Yeah, so let me just give you a little bit of backstory though before we jump into this conversation. First of all, it’s really amazing, but now we have close to 45,000 church leaders that are engaging in our content on a regular basis. In fact, we’ve added over 7,000 new leaders just within the last 12 months. And Amy, I think you know me well enough. I love what we do on our podcast, through our articles, through our other resources, webinars, equipping leaders to accomplish God’s mission. However, our real goal is to really get onsite and work with churches. And over the last 12 months, we’ve had the privilege of being onsite, engaged, helping church leaders/pastors move their mission forward. In fact, in the last 12 months, we’ve worked with 99 different churches, and you can tell…

Amy (02:48):

Aww, you can’t say 100?

Tony (02:48):

I’m an honest former pastor in that I don’t use pastor math. It was 99. I wanted it to be 100. And what’s been been encouraging about that too, Amy, and you know this, we’ve been helping churches of all different shapes and sizes, and what has shifted in the last couple years is we’re helping many more larger churches and that’s been a lot of fun. It’s crazy. In churches of all different shapes and sizes, there are some common themes that we see in those different sized churches. But there are certainly some unique things, some unique challenges, that smaller churches wrestle with, and certainly some unique things that larger churches wrestle with. But that’s really where we’re gonna be going in this podcast series because most of the content that we design on this podcast is really focused on any size church. For this particular series, we wanna just focus on what’s working in larger churches right now. In fact, the churches that we’re going to be highlighting in this series, I would consider them not just large, but very large and to help kind of lay the groundwork for the different topics that we’re going to be hitting, I invited some of my friends from four great churches: Christ Fellowship in Miami, Florida; Transformation Church near Charlotte. They’re actually in South Carolina, but it’s near Charlotte; Sun Valley Community Church in Phoenix, and at North Point Community Church in Atlanta. I invited these friends just to share some of what’s working in their ministries in this immediate season. And, you know, all of these churches, several thousand people in attendance every weekend, and probably tens of thousands of people connected and actively engaged in their ministry. And I will say, though this series is focused on what’s working in larger churches, I don’t want everybody just to tune out if you think, oh, no, I’m leading or pastoring a smaller or mid-size church, I would encourage you. Don’t tune out. And the reason why is I think you’re going to find, even in today’s episode, most of these learnings are still going to be applicable no matter what size church you’re leading, but the focus definitely is just helping, especially the larger churches that engage with our content, what’s really working today.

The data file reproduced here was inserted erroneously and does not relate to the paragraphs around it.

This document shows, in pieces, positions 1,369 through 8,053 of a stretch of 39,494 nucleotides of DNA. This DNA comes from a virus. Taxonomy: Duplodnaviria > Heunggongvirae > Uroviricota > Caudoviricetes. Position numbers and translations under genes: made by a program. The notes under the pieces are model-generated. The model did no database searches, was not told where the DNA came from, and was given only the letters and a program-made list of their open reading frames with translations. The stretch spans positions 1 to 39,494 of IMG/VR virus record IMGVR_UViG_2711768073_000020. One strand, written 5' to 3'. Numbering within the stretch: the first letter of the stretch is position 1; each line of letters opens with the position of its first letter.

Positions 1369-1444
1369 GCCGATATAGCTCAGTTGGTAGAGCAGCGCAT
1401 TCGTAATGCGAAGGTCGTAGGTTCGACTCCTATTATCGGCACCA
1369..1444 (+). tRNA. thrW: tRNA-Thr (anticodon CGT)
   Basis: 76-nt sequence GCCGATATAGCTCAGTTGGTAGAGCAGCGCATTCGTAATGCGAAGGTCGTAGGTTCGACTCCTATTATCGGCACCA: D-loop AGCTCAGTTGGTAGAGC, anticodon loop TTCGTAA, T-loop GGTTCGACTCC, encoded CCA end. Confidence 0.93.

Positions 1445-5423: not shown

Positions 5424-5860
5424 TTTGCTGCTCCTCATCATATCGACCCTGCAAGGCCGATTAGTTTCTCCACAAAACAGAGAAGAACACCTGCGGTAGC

Amy (05:26):

Well, what were some of the key themes, Tony, that stood out for you, from those four churches as you spoke to them?

Tony (05:32):

Yeah, so there were these four key themes, Amy, and basically we’re gonna tackle one of these themes each of the next four weeks. So the four were: these churches, they’re all intentional about widening the front door and inviting more people to follow Jesus. And we’re gonna talk a little bit about that in today’s episode. Second theme, they’re encouraging people to engage next steps and connect with other people beyond Sunday morning. And I actually think it’s that connecting with other people that may be the key. Number three, they’re leveraging their multi-site strategy as a reaction to growth, and that’s enabling more growth for these churches, and there are several stories to share related to that. So I’m looking forward to unpacking that a little bit in a couple of weeks. And then the last key theme identified was this focus on shaping a strong culture on their staff team really, that’s the priority, but how that strong culture on a staff team then leads to a healthy culture in the church.

Amy (06:39):

Yeah. Honestly, based on the work that we’ve engaged with several large churches in recent months, Tony, none of that’s really surprising to me. But I’m looking forward to unpacking the learnings from these larger churches and helping other pastors and other church leaders put these principles into practice in their contexts. So this week, like you said, we’re gonna focus on that first theme of widening the front door. So Tony, what stood out to you about what you learned from these four churches on that topic?

Tony (07:05):